Winter 2011

Header of In Short.


Montana's First Dietetic Internship

by Debra Redburn, College of EHHD Communications

In the past, Montana State University dietetic students who wanted to become registered dietitians had to leave Montana to fulfill their internship requirements. Food and nutrition professor Alison Harmon said this is no longer the case.

In November, the American Dietetic Association and Commission on Accreditation for Dietetics Education (CADE) granted candidacy accreditation to MSU for the state’s first dietetic internship, which allows the program to begin offering rotations to students pursuing a career in dietetics. The accreditation process began over a year ago when Harmon began exploring possibilities of a self-supporting program for MSU. Former department head for Health and Human Development, Tim Dunnagan, encouraged Harmon to begin the process by submitting an eligibility report, followed by a self-study.
After a positive site visit from CADE in May 2010 and the hiring of director Coleen Kaiser (a former Extension nutrition education coordinator at MSU), the internship program became a reality.

“The state of Montana will now have its own internship and MSU students will have preference,” said Harmon.

Beginning in February 2011, the Montana Dietetic Internship (MDI) will accept the first class for orientation beginning in August 2011. Fourteen students will intern for the 10-month program, which includes a variety of rotations, as well as an online course set up in modules.

“During the internship, students will be supervised by preceptors (mentors),” said Harmon. “Preceptors are professionals who are willing to support opportunities for on-site field experiences.”

nutrition students

Nutrition students prepare a meal in the foods lab in Herrick Hall.


towne's harvest
Students harvesting carrots at Towne's Harvest Garden.

Rotations include exposure to a variety of situations that registered dietitians might encounter in their careers and include hospitals, K-12 school food service, Extension nutrition programs, and sustainable food programs. Students will also serve a six-week self-selected rotation, which could focus on pediatrics, long-term care facilities, sports nutrition, or the restaurant industry.

“All dietetic internships in the United States have supervised practice in the areas of clinical, food service, and community nutrition,” said Harmon. “What makes MSU special is our concentration in sustainable foods. That makes it different from almost all others.”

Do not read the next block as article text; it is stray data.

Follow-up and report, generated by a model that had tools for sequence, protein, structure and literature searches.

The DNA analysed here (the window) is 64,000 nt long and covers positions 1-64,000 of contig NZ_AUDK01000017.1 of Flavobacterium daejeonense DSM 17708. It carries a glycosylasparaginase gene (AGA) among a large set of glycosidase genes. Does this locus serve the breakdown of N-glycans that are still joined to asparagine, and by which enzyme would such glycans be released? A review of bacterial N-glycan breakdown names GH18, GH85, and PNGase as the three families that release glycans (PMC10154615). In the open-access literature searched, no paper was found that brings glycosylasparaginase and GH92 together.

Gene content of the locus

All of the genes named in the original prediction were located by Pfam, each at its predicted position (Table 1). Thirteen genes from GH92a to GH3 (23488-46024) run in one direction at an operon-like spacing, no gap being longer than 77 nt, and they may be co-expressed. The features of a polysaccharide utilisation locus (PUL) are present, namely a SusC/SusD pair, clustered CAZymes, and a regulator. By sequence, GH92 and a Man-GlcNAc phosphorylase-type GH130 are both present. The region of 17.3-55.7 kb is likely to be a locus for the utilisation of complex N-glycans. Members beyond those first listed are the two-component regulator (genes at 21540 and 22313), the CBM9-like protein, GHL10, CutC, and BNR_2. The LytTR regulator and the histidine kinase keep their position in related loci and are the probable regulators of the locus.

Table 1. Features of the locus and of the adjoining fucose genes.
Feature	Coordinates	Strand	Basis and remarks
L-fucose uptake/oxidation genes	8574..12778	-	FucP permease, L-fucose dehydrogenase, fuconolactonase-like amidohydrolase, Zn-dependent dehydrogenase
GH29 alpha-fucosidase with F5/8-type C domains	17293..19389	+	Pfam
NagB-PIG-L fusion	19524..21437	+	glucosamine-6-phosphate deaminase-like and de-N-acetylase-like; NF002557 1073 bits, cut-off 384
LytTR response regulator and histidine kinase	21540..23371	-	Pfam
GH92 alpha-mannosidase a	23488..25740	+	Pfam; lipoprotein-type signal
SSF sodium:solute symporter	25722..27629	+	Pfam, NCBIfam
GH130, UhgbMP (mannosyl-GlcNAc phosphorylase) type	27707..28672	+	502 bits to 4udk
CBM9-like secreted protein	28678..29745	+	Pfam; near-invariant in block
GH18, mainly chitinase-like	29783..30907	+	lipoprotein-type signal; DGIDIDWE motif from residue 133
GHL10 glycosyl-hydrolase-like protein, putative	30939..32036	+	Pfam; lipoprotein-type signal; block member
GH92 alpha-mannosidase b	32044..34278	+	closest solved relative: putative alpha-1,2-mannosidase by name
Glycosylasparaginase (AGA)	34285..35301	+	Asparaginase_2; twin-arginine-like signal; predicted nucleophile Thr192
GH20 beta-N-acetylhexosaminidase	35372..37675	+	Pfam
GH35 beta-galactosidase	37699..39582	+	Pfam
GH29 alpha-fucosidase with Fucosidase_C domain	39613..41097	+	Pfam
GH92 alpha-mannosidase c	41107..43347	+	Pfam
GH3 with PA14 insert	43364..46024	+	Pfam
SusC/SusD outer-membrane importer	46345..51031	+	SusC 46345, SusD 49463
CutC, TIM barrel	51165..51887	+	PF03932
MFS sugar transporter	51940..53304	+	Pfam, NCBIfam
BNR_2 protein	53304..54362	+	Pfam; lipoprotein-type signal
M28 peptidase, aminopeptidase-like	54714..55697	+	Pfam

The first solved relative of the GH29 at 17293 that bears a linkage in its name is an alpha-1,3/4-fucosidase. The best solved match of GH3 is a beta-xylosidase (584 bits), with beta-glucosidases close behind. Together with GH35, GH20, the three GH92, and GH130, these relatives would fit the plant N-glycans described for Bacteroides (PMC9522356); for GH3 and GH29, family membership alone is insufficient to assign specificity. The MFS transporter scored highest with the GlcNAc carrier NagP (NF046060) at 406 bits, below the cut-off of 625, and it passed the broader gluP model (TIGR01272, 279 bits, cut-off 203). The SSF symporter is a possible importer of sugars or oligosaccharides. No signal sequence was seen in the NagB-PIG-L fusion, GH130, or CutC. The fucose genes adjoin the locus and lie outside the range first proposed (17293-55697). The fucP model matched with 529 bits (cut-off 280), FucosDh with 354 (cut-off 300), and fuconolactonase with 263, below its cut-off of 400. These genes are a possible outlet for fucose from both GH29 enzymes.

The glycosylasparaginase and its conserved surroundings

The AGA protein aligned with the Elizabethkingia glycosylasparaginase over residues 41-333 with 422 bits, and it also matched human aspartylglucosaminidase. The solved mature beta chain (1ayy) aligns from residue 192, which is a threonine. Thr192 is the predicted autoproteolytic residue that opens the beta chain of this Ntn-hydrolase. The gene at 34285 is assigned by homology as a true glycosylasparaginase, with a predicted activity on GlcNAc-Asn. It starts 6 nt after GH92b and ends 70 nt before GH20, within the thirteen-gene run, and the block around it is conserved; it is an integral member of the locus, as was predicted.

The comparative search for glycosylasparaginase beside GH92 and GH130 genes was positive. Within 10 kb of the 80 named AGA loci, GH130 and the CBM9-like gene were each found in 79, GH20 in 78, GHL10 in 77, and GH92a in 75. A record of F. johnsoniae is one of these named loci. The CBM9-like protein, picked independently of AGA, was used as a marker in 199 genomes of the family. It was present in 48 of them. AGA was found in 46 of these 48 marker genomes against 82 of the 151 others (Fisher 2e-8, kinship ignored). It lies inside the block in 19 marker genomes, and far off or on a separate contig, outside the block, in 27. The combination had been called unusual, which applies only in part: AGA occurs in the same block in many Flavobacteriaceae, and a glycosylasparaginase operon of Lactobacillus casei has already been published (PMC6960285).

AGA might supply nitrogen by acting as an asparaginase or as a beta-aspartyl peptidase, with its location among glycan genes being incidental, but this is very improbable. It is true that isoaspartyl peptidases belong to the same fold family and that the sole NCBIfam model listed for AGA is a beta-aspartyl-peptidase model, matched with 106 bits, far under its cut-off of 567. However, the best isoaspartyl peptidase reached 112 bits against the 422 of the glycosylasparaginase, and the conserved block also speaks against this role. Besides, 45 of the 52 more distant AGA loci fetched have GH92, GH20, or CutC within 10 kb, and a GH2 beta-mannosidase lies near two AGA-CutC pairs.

All interns will spend two weeks working with Towne’s Harvest Garden, the university’s two-acre vegetable farm west of campus which provides hands-on experience for locally grown, sustainable foods.

Director Coleen Kaiser sees the new program as a way for MSU to help fulfill the needs of the state of Montana.

“This program is so in line with our land grant mission,” said Kaiser. “We feel very good about being able to provide this opportunity to Montana students and to the state of Montana. Our students already know about the needs of small communities in the state.”

Hannah Cowgill agrees with Kaiser. Cowgill has a Masters in Health and Human Development with an emphasis in nutrition and exercise science from MSU. She is employed as a nutrition and physical activity coordinator with the Montana Nutrition and Physical Activity program (NAPA) and has a strong interest in the internship. Cowgill says there are nutrition issues, specifically in rural and Native populations that are unique to Montana.

“Montana is largely a rural state with a lot of space. This geographic barrier requires unique solutions to nutritionally adequate and appropriate food and physical activity opportunities,” said Cowgill.

Fortunately, she says many undergraduate nutrition and dietetic students have already established relationships and connections to communities in the state. They understand the barriers, challenges, and needs of Montana.

Cowgill concludes, “This internship will be generating success by putting Montana students through a Montana program. They will graduate and stay in the state to be professionals. What an awesome opportunity for Montana students!”

For more information, please contact Coleen Kaiser at:coleenk@montana.edu

or Alison Harmon at: harmon@montana.edu

College of EHHD